Humanizing Mathematics: Students' Perspectives on Learning Math for Social Justice
thesisposted on 17.02.2017 by Patricia M Buenrostro
In order to distinguish essays and pre-prints from academic theses, we have a separate category. These are often much longer text based documents than a paper.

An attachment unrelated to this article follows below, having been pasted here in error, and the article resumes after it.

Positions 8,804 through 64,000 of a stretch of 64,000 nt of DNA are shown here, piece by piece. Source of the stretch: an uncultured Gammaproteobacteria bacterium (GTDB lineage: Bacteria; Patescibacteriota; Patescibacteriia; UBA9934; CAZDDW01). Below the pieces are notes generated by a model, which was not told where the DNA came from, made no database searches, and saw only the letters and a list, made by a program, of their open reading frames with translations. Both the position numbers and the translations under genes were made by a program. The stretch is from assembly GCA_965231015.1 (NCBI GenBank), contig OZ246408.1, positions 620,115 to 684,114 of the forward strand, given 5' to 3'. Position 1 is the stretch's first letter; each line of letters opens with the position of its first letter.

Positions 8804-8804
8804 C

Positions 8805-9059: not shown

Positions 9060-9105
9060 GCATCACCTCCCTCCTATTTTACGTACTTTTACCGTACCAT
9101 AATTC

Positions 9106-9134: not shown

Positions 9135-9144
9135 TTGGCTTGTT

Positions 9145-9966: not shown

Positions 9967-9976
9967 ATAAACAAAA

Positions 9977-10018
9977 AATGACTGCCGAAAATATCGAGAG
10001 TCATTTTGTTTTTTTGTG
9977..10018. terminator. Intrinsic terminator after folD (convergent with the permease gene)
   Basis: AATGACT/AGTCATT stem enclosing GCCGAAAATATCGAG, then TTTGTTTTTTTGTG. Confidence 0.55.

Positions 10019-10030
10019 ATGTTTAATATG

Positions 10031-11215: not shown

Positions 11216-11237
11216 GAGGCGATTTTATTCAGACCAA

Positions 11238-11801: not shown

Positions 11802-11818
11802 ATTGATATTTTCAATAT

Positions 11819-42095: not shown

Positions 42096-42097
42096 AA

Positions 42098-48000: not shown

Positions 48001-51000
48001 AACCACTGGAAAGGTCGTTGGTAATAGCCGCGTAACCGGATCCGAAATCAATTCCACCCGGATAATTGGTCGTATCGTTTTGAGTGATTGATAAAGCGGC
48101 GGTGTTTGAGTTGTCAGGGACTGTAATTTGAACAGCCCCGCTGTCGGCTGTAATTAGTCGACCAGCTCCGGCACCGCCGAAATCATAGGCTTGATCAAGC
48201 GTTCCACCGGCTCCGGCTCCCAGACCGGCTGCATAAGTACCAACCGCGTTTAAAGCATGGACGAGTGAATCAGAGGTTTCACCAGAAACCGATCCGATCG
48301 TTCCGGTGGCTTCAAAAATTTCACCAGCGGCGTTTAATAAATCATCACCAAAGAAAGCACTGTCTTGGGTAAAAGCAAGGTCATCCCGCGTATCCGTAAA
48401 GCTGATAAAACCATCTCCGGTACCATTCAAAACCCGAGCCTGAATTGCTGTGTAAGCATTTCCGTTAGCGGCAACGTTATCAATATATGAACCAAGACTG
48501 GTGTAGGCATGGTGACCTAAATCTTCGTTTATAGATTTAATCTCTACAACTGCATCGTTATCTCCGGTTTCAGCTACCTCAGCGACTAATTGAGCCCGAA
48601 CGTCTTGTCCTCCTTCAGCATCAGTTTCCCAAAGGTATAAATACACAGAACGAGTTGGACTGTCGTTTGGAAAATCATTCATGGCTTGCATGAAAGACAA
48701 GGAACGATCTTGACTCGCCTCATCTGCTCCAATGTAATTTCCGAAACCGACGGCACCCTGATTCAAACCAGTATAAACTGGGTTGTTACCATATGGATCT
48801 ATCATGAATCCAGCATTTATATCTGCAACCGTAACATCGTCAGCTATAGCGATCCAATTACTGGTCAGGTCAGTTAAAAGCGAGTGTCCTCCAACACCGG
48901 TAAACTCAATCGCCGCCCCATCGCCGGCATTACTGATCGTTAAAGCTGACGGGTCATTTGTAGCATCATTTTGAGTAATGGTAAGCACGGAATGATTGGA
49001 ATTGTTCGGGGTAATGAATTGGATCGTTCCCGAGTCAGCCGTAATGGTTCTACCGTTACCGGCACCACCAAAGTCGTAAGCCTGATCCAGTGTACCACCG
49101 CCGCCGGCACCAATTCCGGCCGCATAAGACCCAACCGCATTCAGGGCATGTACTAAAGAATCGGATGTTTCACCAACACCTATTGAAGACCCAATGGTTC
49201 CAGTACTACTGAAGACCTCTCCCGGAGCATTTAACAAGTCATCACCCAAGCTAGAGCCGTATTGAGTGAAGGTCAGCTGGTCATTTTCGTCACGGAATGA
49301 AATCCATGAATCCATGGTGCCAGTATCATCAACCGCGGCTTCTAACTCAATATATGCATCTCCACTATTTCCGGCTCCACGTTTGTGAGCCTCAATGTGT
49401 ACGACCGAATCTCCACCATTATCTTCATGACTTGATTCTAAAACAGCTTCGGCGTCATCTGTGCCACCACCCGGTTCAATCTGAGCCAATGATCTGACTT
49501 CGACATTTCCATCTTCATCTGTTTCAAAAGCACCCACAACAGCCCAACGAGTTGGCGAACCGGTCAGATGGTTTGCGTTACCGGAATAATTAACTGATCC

This study centered around the experience of thirteen 12th grade students who participated in a mathematics class designed to engage them in the study of real-world issues through mathematics. That is, students learned mathematical concepts through their application to issues relevant to them and their communities. The class used mathematics as a lens to study four main thematic units: Voter Disenfranchisement, Displacement Forces (Deportation and Gentrification), AIDS, and Criminalization of Youth. In short, the youth that participated in the “Math for Social Justice” class (herein referred to as M4SJ) explored social issues plaguing their lives, their families, and their communities through the study of mathematics. As 12th grade students, this experience of using mathematics to learn about social issues was not an isolated incident. This class took place in a small school born out of a community struggle whose thematic focus as a school was social justice. This school is a neighborhood, non-selective enrollment high school located in Little Village, a low-income, mostly Mexican and immigrant community that also draws students from North Lawndale, the neighboring, low-income African-American community. This study focused on how students made sense of their experiences learning mathematics in order to understand social phenomena. For this study, 13 of the 21 students who participated in the M4SJ class were interviewed. Interviews served as a primary data source but the author drew on other sources student journals, and teacher and researcher field notes to explore the meaning students made from their involvement in the class. Student data revealed several themes. Students reported to have engaged learning rigorous mathematics in interdependent ways relying heavily on each other as intellectual resources to unpack the class material. The data revealed that students engaged with the material more readily because of the socio-political relevance it held for themselves, their families, and their communities in addition to building on their ever-evolving sense of justice and social agency. Students came to see a common struggle in their respective Black and Brown communities contributing to students’ racial and ethnic solidarity. Three students' stories are told narratively as well to further illustrate the impact of the class on their mathematical and social justice trajectories.